Common Sense Diction Essay

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Having read the Declaration of Independence, one cannot doubt that it was written with much thought and planning nor can one deny how steep it is in diplomacy. First, the diction is highly elevated as evident through the use of words such as, evince, usurpation, despotism and annihilation. Second, the tone was clearly contemplative indicative of the fact that it was written with a clear purpose. It opened with a reference to equality stating that all men were born equal, identified as the equality to life, liberty and the pursuit of happiness. It continued by first accepting that changing government is not always a good thing countering to say that when a government is impeding the ability of those it rules to live, it is the right of the ruled…show more content…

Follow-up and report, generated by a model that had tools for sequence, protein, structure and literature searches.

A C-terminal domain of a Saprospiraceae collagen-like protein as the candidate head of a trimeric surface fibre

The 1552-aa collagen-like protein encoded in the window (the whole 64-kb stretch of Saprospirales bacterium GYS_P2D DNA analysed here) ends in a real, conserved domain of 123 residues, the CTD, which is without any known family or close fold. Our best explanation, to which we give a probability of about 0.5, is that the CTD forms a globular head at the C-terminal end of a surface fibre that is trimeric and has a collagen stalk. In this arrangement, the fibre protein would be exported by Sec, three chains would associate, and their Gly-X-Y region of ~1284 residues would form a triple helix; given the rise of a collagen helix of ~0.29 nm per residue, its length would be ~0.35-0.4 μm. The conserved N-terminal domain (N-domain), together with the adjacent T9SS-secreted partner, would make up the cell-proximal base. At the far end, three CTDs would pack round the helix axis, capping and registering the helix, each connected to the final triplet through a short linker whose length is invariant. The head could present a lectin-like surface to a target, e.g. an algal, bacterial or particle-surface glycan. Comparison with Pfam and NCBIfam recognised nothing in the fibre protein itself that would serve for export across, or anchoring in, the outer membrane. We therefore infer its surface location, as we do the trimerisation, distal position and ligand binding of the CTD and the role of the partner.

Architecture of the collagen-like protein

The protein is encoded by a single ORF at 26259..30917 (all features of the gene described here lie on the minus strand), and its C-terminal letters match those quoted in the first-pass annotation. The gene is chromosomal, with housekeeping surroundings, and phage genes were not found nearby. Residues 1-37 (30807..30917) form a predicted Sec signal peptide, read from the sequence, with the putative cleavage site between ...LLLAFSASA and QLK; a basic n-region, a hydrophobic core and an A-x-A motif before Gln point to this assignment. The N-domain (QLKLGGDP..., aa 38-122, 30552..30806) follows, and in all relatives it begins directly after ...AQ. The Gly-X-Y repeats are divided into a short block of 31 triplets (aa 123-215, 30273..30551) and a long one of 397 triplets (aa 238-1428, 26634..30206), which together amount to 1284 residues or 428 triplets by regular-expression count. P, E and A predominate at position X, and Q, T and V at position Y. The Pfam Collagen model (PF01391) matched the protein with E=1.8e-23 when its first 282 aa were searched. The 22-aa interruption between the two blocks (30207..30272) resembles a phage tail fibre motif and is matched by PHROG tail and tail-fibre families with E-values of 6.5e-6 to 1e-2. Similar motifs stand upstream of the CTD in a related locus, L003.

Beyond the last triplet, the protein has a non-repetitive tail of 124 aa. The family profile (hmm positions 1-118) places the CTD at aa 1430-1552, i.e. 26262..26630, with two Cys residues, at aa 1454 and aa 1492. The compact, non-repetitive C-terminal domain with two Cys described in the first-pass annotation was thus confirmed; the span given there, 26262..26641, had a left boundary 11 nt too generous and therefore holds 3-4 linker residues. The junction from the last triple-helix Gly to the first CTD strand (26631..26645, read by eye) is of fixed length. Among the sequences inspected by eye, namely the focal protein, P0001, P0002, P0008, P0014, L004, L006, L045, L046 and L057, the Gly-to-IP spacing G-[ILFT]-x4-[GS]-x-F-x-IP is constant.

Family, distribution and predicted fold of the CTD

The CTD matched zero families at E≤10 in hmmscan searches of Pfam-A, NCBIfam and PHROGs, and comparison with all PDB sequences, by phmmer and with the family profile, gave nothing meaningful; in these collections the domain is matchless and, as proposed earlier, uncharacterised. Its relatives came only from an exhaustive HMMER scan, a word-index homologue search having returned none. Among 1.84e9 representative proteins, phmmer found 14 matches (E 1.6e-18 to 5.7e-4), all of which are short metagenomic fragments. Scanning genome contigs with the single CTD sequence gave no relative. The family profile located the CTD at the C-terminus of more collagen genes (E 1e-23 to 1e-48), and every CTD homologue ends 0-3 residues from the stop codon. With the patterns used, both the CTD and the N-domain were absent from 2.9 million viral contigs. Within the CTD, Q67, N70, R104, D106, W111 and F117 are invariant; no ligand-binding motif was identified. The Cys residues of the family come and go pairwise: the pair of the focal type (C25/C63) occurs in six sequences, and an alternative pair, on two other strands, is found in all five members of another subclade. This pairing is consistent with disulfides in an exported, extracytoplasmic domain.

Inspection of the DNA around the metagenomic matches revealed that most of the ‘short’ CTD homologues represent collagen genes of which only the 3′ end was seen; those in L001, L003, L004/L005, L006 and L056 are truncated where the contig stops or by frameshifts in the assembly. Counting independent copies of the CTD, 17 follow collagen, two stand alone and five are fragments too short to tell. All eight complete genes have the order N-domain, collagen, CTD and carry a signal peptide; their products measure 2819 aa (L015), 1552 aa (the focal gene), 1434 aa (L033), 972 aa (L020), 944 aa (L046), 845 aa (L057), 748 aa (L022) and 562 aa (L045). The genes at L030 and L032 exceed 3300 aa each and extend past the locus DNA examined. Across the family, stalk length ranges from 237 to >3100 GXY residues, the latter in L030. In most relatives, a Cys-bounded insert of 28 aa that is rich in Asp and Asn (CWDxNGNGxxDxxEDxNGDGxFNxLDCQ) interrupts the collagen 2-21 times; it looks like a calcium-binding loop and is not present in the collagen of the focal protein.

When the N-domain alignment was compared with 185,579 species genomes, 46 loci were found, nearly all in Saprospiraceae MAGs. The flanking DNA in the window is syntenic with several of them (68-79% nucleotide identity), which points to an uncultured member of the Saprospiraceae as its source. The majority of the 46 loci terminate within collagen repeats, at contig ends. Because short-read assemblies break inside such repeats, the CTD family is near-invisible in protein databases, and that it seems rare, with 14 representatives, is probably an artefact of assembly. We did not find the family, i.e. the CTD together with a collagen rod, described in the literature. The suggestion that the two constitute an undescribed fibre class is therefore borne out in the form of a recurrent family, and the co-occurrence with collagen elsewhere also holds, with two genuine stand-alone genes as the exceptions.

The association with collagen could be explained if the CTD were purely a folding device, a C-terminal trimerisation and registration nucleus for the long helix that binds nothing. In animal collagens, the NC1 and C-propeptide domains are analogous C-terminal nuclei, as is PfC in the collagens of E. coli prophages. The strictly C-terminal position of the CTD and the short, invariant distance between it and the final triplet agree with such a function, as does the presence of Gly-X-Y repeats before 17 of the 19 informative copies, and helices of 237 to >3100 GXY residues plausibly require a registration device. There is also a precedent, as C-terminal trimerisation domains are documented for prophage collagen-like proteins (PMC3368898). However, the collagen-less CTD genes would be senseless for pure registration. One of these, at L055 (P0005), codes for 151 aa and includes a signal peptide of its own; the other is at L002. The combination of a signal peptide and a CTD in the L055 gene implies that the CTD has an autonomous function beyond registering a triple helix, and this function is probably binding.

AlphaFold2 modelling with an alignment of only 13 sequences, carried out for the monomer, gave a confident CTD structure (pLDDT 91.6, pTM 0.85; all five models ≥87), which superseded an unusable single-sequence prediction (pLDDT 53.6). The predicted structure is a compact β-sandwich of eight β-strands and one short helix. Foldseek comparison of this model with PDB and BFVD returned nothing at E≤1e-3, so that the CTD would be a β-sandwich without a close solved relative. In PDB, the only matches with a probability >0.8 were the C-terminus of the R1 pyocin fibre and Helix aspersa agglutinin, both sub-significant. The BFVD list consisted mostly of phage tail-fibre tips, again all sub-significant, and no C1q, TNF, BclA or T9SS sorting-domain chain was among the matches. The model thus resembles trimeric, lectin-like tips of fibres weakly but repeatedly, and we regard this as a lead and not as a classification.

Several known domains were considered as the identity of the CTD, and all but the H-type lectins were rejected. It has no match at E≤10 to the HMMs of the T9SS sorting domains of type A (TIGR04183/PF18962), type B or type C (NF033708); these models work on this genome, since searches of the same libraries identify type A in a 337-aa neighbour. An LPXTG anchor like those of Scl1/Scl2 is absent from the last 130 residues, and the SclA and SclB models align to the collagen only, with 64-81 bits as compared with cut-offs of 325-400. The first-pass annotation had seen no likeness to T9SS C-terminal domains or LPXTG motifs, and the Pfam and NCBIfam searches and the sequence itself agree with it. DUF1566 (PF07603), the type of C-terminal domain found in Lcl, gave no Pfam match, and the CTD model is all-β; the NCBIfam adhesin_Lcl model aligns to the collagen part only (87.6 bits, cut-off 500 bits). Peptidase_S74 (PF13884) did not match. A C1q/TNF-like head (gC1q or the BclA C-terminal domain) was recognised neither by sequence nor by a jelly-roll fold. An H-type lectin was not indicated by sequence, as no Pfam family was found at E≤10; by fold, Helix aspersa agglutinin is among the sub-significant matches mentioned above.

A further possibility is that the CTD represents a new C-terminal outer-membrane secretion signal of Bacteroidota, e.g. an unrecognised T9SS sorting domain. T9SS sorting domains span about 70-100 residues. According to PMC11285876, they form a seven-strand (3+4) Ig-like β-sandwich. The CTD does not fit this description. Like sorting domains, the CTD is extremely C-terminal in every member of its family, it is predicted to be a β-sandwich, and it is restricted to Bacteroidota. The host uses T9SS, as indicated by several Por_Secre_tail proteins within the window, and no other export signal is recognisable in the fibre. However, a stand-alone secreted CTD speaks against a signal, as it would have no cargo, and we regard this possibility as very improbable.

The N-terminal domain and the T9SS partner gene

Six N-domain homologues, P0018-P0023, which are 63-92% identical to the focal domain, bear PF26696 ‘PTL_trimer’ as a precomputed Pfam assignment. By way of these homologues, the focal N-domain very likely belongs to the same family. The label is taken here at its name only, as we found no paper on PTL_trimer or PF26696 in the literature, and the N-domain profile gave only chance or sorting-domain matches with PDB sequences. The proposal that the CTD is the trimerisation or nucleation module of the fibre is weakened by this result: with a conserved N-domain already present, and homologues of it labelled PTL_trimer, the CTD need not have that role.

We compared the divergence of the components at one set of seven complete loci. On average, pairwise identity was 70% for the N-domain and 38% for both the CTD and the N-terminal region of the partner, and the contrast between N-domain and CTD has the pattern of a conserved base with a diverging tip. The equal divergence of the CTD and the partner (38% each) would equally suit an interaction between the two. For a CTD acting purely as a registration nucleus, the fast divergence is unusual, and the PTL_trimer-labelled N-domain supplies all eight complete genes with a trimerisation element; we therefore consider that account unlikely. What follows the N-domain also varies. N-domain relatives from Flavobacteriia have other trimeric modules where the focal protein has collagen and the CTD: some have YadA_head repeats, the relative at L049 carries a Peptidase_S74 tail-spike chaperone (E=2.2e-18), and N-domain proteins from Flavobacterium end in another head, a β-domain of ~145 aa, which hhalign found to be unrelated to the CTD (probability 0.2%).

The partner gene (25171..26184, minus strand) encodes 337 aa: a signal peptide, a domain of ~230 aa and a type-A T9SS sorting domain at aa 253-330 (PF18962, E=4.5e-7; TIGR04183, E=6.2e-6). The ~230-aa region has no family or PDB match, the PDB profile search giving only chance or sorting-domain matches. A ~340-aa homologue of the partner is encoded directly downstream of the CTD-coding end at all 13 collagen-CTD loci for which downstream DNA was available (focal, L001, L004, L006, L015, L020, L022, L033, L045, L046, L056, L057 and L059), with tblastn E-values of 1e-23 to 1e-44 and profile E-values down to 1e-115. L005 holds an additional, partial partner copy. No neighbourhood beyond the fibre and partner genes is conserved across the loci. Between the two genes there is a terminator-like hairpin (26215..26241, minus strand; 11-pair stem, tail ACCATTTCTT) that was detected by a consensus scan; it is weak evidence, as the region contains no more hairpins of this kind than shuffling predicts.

This in the form of a pamphlet which was written by Thomas Paine entitled, “Common Sense”. Interestingly, the Common Sense was written in January of 1776 making it a forerunner to the Declaration of Independence as a charge for independence. ( A perusal of the text in its entirety, provided by Project Gutenberg, reveals a diction that allows the common person to represent with it and its tone very critical and explicative. This as the language was easily understood with points set out clearly and explained in details. In addition, all important points were made in bulleted format. Paine started by making a general overview of government and religion before going in debt with his stance. Among the first arguments he put forward in this regard is that, “Society in every state is a blessing, but government even in its best state is but a necessary evil”. This he posited was due to the fact that if humans were to behave rationally towards each other then there would be no need for government. He also stated, like the Declaration of Independence after it, that all humans are born equal but went further to add that they do not all remain equal as some advances themselves while others
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